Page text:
- There may come a time when consideration is being given to the deconstruction, demolition or partial demolition of any building and the following notes may be useful.
Demolition is the tearing down of buildings and other man-made structures. Demolition contrasts with deconstruction, which involves taking a building apart while carefully preserving valuable elements for reuse, repurposing, recycling and waste management purposes. It should be noted that any demolition of a Methodist building should first start with an appraisal of any elements such as monuments, glass, woodwork or items of heritage that should be carefully removed and stored for reuse, if possible.
Deconstruction is commonly separated into two categories; structural and non-structural. Nonstructural deconstruction, also known as “soft-stripping”, consists of reclaiming non-structural components, appliances, doors, windows, and finish materials. The reuse of these types of materials is commonplace and considered to be a mature market. Structural deconstruction involves dismantling the structural components of a building. Traditionally this had only been performed to reclaim expensive or rare materials such as used brick, dimension (natural) rock or stone, and extinct woods.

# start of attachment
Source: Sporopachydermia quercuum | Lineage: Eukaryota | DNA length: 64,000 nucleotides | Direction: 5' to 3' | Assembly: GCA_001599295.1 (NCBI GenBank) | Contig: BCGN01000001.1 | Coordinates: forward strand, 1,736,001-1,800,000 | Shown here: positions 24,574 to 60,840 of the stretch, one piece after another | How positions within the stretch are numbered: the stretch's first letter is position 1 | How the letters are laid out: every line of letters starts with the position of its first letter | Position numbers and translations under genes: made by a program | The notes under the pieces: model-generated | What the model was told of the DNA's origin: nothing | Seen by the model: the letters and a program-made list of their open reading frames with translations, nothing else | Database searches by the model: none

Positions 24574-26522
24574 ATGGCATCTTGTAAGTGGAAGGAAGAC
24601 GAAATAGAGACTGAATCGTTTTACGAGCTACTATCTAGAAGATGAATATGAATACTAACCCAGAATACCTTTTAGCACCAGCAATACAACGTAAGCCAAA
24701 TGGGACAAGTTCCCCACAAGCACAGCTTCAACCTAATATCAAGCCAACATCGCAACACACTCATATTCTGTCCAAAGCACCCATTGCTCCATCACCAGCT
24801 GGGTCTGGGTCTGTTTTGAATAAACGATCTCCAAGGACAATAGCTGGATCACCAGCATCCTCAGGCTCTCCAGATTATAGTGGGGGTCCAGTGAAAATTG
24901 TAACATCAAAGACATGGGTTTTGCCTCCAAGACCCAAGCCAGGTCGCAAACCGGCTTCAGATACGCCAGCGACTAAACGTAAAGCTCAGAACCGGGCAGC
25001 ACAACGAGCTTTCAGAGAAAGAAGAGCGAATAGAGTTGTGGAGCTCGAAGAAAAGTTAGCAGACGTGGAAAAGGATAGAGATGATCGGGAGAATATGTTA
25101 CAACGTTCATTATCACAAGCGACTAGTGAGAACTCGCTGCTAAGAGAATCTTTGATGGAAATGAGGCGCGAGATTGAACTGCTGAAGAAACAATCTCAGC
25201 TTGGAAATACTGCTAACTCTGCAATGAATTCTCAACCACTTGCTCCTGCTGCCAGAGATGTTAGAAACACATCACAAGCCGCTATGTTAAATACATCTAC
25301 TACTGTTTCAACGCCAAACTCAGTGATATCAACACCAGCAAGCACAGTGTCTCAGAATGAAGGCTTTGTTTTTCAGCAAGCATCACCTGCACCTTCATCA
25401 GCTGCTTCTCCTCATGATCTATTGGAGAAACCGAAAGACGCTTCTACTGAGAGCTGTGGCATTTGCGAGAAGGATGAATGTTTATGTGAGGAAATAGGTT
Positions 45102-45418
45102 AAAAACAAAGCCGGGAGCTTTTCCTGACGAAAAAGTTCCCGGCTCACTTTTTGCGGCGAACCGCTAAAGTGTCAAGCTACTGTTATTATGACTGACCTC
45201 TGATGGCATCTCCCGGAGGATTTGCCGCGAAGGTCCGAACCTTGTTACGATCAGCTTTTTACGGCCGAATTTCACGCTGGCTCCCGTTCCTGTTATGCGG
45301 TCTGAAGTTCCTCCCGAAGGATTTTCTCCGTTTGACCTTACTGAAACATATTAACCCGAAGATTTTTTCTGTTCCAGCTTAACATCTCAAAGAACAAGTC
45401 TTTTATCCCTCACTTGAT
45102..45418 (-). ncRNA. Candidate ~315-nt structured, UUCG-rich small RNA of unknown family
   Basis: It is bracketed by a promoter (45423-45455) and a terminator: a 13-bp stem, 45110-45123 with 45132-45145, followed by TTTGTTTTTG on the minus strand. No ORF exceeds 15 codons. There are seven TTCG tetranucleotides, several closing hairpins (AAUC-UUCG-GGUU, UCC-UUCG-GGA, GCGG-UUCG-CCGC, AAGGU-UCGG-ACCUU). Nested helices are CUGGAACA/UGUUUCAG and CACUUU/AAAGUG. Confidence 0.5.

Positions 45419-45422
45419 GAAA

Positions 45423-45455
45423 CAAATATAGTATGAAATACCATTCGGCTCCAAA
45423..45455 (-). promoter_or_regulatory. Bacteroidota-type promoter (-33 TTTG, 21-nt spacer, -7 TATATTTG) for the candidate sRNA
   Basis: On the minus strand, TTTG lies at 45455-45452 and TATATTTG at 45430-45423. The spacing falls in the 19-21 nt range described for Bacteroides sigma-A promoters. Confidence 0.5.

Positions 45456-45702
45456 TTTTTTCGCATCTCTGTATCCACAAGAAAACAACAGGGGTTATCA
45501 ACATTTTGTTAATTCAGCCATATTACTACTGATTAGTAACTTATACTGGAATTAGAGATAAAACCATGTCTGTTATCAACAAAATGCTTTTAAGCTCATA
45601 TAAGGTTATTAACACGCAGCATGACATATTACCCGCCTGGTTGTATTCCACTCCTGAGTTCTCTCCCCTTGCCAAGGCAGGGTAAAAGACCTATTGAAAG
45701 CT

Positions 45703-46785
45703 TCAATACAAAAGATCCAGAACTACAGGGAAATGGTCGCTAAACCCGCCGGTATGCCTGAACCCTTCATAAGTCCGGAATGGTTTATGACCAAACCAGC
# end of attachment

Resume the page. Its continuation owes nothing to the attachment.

In the UK, it is usual for companies involved in this type of work to be called ‘Demolition Companies’ and so we will use that term, although we acknowledge that deconstruction is probably more accurate and in keeping with the report and study guide ‘Hope in God’s Future’, with proper planning, careful handling and a green approach to the removal of materials it is possible to achieve a landfill diversion rate of above 90%.
Important considerations around demolition There are two types of demolition – complete or partial removal. Complete demolition involves the removal of all traces of the building above ground. This process is common and easily achieved by a competent demolition company. Partial demolition is trickier as support will be required for the remaining structure, which may include window strutting, floor props and shoring. It may also involve a lot of additional planning and effort as powered equipment may be unsuitable.